I'll post an update when I figure out what works. I don't really care if it's ugly. I just want to get the nut off without damaging anything. Oh yeah, I bought one of those thread adapters for the Gemtech Outback as well. So there's more incentive to getting that nut off there. :)
     
  9. Myles

    Myles Member

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    brhodes idea about altering a cheap screwdriver is what I had done. Took a cheapo flat head that was almost the right width, and I used a dremel to cut the tip to the same thickness and ground the sides to match width.

    If memory serves, without my fetching my 622, I think a dime worked as well.
     
  10. brhodes

    brhodes Member

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    Well, not to beat a dead horse, but the front end of my 422 is a little beat and my barrel nut is still on tight as a drum.

    I went to my uncle's house (he's got all the tools, scrap steel, welders, etc). We did the "grind a screwdriver" thing. And we bent two of them. We started searching for something a little more hefty, and a 5/16 wrench is about perfect. So we shaved one down, careful to not overheat it. We bent that as well. We made a thing out of bar stock. We snapped off one of the "ears". All this after letting it soak overnight in some break free.

    We also scratched up the aluminum on the front of the gun a little. It already had a few dings, so I'm not too upset about it.

    So, my next recourse is to call S&W and ask them what tool they use, and then ask them if I can buy one. Clearly I have some rust or powder residue or something helping to bond the nut to the barrel. So instead of damage anything further, I'll just have to shell out for whatever the pros at S&W use, if I can.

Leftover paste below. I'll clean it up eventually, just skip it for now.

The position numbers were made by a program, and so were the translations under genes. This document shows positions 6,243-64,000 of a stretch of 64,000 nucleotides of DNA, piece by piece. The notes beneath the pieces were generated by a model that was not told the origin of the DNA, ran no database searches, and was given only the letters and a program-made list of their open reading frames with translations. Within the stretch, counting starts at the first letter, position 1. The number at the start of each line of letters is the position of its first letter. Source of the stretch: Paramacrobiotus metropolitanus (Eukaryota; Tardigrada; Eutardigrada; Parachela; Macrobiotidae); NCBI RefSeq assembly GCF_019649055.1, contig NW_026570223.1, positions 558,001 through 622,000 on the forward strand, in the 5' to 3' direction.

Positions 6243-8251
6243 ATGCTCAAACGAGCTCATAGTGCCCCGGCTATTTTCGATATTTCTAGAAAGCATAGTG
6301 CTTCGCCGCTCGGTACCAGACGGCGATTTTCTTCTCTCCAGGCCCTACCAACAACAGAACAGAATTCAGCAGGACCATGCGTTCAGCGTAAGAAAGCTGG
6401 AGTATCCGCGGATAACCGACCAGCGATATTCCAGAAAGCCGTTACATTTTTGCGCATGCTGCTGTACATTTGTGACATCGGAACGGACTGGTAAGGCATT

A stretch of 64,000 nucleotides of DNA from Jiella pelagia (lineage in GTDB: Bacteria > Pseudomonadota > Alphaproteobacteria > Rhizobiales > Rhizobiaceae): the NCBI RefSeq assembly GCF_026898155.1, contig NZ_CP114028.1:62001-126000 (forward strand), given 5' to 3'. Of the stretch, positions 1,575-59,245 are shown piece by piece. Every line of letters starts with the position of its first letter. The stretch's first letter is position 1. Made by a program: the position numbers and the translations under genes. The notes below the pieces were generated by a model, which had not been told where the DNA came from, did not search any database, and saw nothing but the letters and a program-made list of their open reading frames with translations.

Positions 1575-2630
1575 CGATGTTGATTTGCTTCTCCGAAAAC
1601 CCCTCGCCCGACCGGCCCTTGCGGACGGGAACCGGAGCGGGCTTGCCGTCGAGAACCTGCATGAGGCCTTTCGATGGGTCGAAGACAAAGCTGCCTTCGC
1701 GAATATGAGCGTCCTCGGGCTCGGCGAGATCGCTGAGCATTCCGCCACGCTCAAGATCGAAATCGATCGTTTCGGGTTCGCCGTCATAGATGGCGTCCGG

I will say, though, that the 5/16 open-ended wrench is about the perfect size tool to alter -- assuming your barrel nut can turn to begin with. So anyone else trying this, go for the cheap Chinese wrench. Just grind off what you need to from the outsides, and then flatten the two points such that they fit into the slots in the barrel nut.
     
  11. roadrash 1

    roadrash 1 Member

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    Are you sure you are not tightening it ?
     
  12. gb6491

    gb6491 Member

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    There is a lock washer behind the barrel nut, but the nut on my 422 turns with just a small amount of effort. A little heat from a torch might free yours up.
    Regards,
    Greg
     
  13. jag609

    jag609 Member

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    get a 1/4" bolt that's 3-4" long, use nuts on either side of 1/4" washer and you can get barrel nut off. curve of washer doesn't scratch crown of barrel. $2 in parts at walmart. no cuttin, no fabrication.
     
  14. moransa

    moransa Member

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    jag609 is onto something, I had to take mine a step further. I tried the washer thing, it was a perfect fit, but my barrel got in the way, so I had to dremel out a notch. Then I put this washer in a pair of Vise Grips and went to town. Broke the 'teeth' off my new little tool, so I made another one. 3 minutes and $.05 later, I mounted the washer contraption into my bench vise with just the teeth sticking out. Putting the gun up to the vise, I was able to twist the barrel nut off much easier, and without damaging my gun. Just an idea for anyone out there still fighting this thing. Good luck, hope this helps.